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Pulpy paperbacks. Lurid covers. Cheap.
My father bought them. Read them
with a serious frown. Every evening
he’d bring home more. Threw nothing away.
Filled shelf after shelf, then box after cardboard box
so I had plenty to read, from Henry Miller
to Mickey Spillane to hack-job smut
nurturing my puberty.

Nikita Khrushchev was thumping his shoe.
My childhood dreams were of nukes
aimed straight at my bedroom.
The old man built a bomb shelter in the basement
where Mom banished the cartons of books.
Summers when air dripped of heat,
in the company of an old infested cat
I explored the cool underground.
On book boxes I sat by shelves of dry food,
a gas mask. In candlelight I sucked up words,
hopping like another flea along the glorious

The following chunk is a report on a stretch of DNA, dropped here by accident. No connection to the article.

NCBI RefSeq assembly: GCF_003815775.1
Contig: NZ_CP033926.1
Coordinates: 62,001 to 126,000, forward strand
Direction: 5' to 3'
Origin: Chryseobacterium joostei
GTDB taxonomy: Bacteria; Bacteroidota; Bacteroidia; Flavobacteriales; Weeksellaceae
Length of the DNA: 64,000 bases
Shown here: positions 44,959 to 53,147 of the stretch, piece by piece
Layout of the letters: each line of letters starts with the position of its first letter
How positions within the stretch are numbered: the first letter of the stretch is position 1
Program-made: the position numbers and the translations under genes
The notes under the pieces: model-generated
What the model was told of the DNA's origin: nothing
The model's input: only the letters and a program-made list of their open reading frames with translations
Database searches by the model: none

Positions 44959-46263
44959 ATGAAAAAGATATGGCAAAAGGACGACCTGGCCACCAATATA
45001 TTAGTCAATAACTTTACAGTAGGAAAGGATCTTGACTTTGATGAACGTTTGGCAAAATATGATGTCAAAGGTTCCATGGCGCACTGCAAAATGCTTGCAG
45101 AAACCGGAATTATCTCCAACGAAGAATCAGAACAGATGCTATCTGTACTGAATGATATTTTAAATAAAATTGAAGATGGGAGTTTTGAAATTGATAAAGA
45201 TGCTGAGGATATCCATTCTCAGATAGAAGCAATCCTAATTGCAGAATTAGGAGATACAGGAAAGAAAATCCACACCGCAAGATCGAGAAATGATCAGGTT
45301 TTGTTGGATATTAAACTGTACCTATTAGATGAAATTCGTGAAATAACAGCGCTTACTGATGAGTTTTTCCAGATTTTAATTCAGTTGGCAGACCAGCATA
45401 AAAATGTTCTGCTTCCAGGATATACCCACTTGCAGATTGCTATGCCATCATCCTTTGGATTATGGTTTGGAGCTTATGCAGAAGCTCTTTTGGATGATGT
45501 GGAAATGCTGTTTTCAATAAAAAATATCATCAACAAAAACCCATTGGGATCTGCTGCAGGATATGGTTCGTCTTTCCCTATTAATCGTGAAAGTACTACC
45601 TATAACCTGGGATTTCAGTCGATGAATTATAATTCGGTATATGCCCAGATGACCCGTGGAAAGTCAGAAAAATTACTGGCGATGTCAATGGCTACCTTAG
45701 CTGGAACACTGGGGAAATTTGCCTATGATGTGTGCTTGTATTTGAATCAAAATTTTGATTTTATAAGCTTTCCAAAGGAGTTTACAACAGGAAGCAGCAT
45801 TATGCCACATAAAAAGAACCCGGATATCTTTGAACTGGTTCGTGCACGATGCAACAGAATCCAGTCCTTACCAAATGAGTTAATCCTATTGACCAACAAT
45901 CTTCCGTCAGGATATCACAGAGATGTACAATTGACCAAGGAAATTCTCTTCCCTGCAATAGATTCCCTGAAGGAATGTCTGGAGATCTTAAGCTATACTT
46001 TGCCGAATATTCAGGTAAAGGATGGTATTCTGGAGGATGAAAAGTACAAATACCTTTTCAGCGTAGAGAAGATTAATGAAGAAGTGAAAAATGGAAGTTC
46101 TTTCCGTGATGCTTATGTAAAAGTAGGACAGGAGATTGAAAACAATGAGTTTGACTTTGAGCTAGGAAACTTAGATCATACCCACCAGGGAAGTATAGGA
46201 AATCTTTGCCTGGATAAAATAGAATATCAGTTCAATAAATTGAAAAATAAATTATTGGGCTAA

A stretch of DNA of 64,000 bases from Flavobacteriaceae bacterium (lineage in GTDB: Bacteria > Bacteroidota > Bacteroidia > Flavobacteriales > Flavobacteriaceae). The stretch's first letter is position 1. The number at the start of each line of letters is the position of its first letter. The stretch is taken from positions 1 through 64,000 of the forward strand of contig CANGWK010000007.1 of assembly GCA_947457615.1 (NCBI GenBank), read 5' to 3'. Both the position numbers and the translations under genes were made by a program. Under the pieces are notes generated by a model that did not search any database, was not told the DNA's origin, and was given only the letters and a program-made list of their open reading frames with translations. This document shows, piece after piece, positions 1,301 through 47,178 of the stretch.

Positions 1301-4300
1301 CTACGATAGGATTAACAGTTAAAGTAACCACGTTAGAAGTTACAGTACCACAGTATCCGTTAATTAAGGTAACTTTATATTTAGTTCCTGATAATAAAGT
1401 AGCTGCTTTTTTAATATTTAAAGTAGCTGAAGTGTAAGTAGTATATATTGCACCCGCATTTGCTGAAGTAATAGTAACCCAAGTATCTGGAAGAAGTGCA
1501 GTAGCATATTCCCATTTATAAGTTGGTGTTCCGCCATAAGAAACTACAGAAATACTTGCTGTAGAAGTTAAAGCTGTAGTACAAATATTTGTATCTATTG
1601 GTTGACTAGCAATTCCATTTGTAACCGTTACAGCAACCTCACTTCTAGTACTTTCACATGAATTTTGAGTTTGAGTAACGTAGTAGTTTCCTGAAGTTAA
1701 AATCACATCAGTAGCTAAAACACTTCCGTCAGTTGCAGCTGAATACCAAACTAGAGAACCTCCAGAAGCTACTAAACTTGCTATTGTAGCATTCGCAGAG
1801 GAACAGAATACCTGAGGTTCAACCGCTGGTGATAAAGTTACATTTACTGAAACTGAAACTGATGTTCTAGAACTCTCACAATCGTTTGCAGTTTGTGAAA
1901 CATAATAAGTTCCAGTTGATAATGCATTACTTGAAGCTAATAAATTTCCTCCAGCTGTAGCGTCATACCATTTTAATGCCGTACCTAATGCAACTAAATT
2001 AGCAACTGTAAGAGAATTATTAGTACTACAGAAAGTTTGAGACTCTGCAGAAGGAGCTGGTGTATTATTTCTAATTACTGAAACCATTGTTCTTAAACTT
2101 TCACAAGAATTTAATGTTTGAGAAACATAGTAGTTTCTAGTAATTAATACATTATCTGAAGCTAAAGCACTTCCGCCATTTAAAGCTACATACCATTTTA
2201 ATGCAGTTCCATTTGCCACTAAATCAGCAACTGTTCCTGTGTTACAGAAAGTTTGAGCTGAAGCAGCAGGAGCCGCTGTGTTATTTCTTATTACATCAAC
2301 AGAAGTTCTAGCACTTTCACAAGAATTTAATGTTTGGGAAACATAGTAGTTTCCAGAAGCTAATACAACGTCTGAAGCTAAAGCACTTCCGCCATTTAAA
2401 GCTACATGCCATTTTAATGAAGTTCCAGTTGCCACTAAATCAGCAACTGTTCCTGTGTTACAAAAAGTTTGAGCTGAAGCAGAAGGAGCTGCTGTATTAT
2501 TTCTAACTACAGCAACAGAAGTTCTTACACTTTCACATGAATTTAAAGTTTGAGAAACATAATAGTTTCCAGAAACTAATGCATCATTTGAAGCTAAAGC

hairy underbelly of American literature.

I started high school; they shot JFK.
A new topic for dreams: I noticed this girl
dark as the Potomac, bright as starshine.
Smart, freckled, wholesome as Cheerios
yet a mystery no detective had solved.
I took her to the bomb shelter. She took me
to her eyes, her lips, her touch thermonuclear,
her words softer than the softest porn,
her library, volumes yet to be born.


Joe Cottonwood has built or repaired hundreds of houses to support his writing habit. His latest book is Foggy Dog: Poems of the Pacific Coast. He’s a pretty good carpenter and a crackerjack grandfather in the Santa Cruz Mountains of California.

© 2018, Joe Cottonwood

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